• The Vortex Approach

A new concept in managing the failed airway, the Vortex Approach was introduced as a cognitive aid when working with multiple team members in an airway code when it is near impossible to follow published algorithms. The Vortex Approach is also incorporated into the AOD simulation course. 

  • Extubation of the Difficult Airway

    The Closed Claims database has recognized that, subsequent to the publication of the ASA algorithm, morbidity occurring during intubation has fallen. Unfortunately, there has been little change in morbidity occurring during tracheal extubation. Recent data has shown that reintubation failure can occur in 72% of patients. Most airway courses fail to address this issue. This course will discuss a rational plan for pre-extubation assessment of airway patency and techniques aimed at facilitating reintubation

Hands-on Airway Workshop

Enough materials are provided to allow clinicians unhurried exposure to all techniques within a two hour period. Though a work/check off sheet may be provided with the syllabus, there is no regulation of the time spent at each station. It is the AOD philosophy that not all devices must be mastered. Rather, the clinician should be familiar with one or more of each of the following categories: indirect-optic, SGA and percutaneous technique. The ratio of (scheduled) attendees to stations is at most 6:1.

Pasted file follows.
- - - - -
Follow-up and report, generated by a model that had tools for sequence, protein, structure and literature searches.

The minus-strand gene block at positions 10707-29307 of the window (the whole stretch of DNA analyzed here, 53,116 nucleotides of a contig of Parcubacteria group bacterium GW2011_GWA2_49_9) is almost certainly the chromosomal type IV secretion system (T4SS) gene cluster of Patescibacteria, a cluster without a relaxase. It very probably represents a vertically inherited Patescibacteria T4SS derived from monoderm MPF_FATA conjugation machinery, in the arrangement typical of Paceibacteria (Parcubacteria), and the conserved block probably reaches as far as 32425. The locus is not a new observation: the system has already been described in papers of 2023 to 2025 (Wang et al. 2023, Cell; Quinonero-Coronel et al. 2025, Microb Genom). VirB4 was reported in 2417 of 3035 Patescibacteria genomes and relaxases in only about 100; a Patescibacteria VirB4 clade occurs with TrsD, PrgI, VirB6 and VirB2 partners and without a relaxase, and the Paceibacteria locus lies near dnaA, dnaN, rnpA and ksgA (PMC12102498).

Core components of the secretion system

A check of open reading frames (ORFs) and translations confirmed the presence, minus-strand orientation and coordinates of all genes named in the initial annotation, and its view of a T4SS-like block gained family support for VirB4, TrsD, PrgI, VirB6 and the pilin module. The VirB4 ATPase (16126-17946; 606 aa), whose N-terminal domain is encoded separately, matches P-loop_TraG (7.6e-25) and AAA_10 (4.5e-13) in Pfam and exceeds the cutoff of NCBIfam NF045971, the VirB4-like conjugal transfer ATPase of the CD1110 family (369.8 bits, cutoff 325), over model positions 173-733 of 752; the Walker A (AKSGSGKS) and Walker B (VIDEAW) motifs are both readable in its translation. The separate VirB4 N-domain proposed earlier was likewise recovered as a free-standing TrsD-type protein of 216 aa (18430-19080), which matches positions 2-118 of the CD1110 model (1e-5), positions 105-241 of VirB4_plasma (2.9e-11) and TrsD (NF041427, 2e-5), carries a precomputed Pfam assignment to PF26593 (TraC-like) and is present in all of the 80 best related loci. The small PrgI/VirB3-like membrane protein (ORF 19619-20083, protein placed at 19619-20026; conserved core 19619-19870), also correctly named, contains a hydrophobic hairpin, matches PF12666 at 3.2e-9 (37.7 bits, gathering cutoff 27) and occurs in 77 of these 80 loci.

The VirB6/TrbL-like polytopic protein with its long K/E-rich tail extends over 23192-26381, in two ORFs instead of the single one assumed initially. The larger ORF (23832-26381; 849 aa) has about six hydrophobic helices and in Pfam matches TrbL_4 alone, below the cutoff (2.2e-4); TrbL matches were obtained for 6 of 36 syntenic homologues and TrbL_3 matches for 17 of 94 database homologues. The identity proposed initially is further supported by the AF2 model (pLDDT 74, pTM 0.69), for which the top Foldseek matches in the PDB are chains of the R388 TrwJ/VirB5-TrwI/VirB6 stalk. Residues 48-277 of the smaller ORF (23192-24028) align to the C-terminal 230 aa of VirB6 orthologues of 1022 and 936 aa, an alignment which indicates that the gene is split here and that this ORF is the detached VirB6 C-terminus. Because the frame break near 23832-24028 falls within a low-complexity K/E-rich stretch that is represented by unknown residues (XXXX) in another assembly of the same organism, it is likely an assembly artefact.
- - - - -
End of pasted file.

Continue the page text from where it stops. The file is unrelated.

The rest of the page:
The following stations are available at all AOD workshops:

  • Flexible intubation scope
  • Rigid or malleable fiberoptic*
  • Laryngeal Mask Airway varieties 
  • Intubating SGAs
  • King LT
  • iGel
  • Aura
  • AirQ (Cook-gas)
  • Retrograde wire intubation
  • Percutaneous cricothyrotomy
  • Glidescope
  • McGrath
  • Airtraq
  • Pentax Airway Scope
  • Others

*(e.g, one or more of: Video Macintosh, Bullard, Shikani, Glidescope, Airtraq)

When elected, an airway simulator will be available (AirMan or SimMan)

Teams of one to three clinicians will complete successful and failed airway scenarios. Scoring and feedback emphasis will be directed towards decision-making and team management, not device technique, which is better learned on partial task trainers. Completion of the simulation station is not mandatory for AOD course credit.

When elected, swine trachea lab will be available

Each attendee will work on a pig trachea fixed to a surface and (when available) covered by pig skin. This model will be used for the practice of trans-cricothyroid needles placement and placement of a Melker critothyrodotomy.